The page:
It’s here: all-star season for recreation baseball. Finally, what it’s all about – building a team to win a championship. That's how it seems these days. There’s little time for kids to build relationships or develop skills. It wasn’t always this way.
I grew up in a world where kids from a community played at a home field with their friends, and all-stars was icing on the cake. The heart of the experience was playing while your folks cheered, running around the ballpark afterward and begging Mom for canteen money.
I’ve seen my two sons grow up playing baseball; I know things are so different now.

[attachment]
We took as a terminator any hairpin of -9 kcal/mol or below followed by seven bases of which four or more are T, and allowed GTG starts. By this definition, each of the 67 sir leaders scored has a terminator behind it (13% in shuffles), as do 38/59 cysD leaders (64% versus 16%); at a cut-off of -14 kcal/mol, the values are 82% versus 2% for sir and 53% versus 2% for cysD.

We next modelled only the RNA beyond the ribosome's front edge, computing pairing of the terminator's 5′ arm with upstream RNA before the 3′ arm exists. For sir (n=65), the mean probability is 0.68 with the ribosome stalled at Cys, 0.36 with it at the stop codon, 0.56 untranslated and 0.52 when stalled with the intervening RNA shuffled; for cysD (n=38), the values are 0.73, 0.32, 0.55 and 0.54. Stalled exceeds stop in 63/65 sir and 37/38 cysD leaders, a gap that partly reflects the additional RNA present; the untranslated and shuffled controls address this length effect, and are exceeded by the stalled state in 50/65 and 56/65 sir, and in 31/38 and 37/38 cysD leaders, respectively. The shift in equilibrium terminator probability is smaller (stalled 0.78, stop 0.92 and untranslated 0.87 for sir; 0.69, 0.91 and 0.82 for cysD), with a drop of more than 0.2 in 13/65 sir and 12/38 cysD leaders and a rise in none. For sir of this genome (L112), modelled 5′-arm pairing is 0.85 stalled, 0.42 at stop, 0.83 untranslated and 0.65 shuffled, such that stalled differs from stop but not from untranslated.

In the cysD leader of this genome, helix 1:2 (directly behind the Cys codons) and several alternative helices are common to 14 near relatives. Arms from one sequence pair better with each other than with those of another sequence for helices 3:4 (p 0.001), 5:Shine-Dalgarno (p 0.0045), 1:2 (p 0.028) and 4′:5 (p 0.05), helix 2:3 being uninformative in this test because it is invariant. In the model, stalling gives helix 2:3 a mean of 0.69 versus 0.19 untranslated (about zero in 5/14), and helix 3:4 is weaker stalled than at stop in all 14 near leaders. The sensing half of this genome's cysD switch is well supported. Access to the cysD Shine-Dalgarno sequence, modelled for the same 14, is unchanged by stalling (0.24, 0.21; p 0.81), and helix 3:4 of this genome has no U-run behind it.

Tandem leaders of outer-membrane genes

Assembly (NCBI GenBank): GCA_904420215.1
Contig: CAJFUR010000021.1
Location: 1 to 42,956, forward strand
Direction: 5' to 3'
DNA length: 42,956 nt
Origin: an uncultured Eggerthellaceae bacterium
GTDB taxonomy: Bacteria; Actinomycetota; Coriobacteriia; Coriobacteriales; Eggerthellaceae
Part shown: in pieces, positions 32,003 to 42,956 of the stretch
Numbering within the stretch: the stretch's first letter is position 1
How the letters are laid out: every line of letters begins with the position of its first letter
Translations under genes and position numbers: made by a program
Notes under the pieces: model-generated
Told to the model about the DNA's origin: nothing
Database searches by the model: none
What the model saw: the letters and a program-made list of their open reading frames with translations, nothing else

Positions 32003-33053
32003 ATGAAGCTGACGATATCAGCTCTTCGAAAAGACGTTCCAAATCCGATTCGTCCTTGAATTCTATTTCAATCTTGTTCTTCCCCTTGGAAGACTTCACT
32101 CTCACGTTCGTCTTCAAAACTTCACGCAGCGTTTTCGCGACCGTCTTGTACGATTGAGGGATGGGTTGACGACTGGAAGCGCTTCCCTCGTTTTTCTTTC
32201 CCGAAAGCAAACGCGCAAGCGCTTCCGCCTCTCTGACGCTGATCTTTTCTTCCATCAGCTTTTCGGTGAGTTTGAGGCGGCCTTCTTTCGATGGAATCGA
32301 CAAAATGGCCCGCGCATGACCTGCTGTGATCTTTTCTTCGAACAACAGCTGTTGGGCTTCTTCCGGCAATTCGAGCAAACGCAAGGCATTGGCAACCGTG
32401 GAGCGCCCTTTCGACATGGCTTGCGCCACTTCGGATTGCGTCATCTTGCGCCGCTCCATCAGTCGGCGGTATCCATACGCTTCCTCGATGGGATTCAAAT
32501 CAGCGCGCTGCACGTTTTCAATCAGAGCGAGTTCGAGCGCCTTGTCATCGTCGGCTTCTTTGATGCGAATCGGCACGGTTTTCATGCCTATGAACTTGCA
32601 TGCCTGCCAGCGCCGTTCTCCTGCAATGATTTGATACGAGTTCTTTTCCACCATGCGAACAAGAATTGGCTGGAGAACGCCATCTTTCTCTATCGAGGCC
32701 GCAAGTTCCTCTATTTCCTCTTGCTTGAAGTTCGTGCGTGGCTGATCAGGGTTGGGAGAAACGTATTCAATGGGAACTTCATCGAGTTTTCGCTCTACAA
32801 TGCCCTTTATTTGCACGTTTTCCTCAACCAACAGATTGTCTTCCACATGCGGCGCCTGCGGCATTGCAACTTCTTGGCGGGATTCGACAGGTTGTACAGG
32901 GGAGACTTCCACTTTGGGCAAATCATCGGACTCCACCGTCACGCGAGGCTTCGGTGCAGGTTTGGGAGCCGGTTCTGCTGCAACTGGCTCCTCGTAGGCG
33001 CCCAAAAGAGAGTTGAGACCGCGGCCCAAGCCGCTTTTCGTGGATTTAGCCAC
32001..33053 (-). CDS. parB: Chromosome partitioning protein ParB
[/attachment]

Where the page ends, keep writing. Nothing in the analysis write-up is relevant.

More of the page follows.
Modern recreation baseball involves as much recruiting as college football. Coaches don’t just draft from community players but often travel ballplayers are recruited away from their home leagues to build dominating teams. Releases from local boards/franchises and appeals to national sanctioning organizations support this practice. Some flat-out lie about home addresses. There’s little chance of team mothers meeting at the local post office, as players come from many different zip codes.
Why the concern? Foremost, it’s not the spirit of wholesome competition behind recreation sports. It creates a tier of teams: those selected and polished to essentially play together all year, and those made of kids who want to have some fun in the spring. Imagine how the scores look when these teams meet.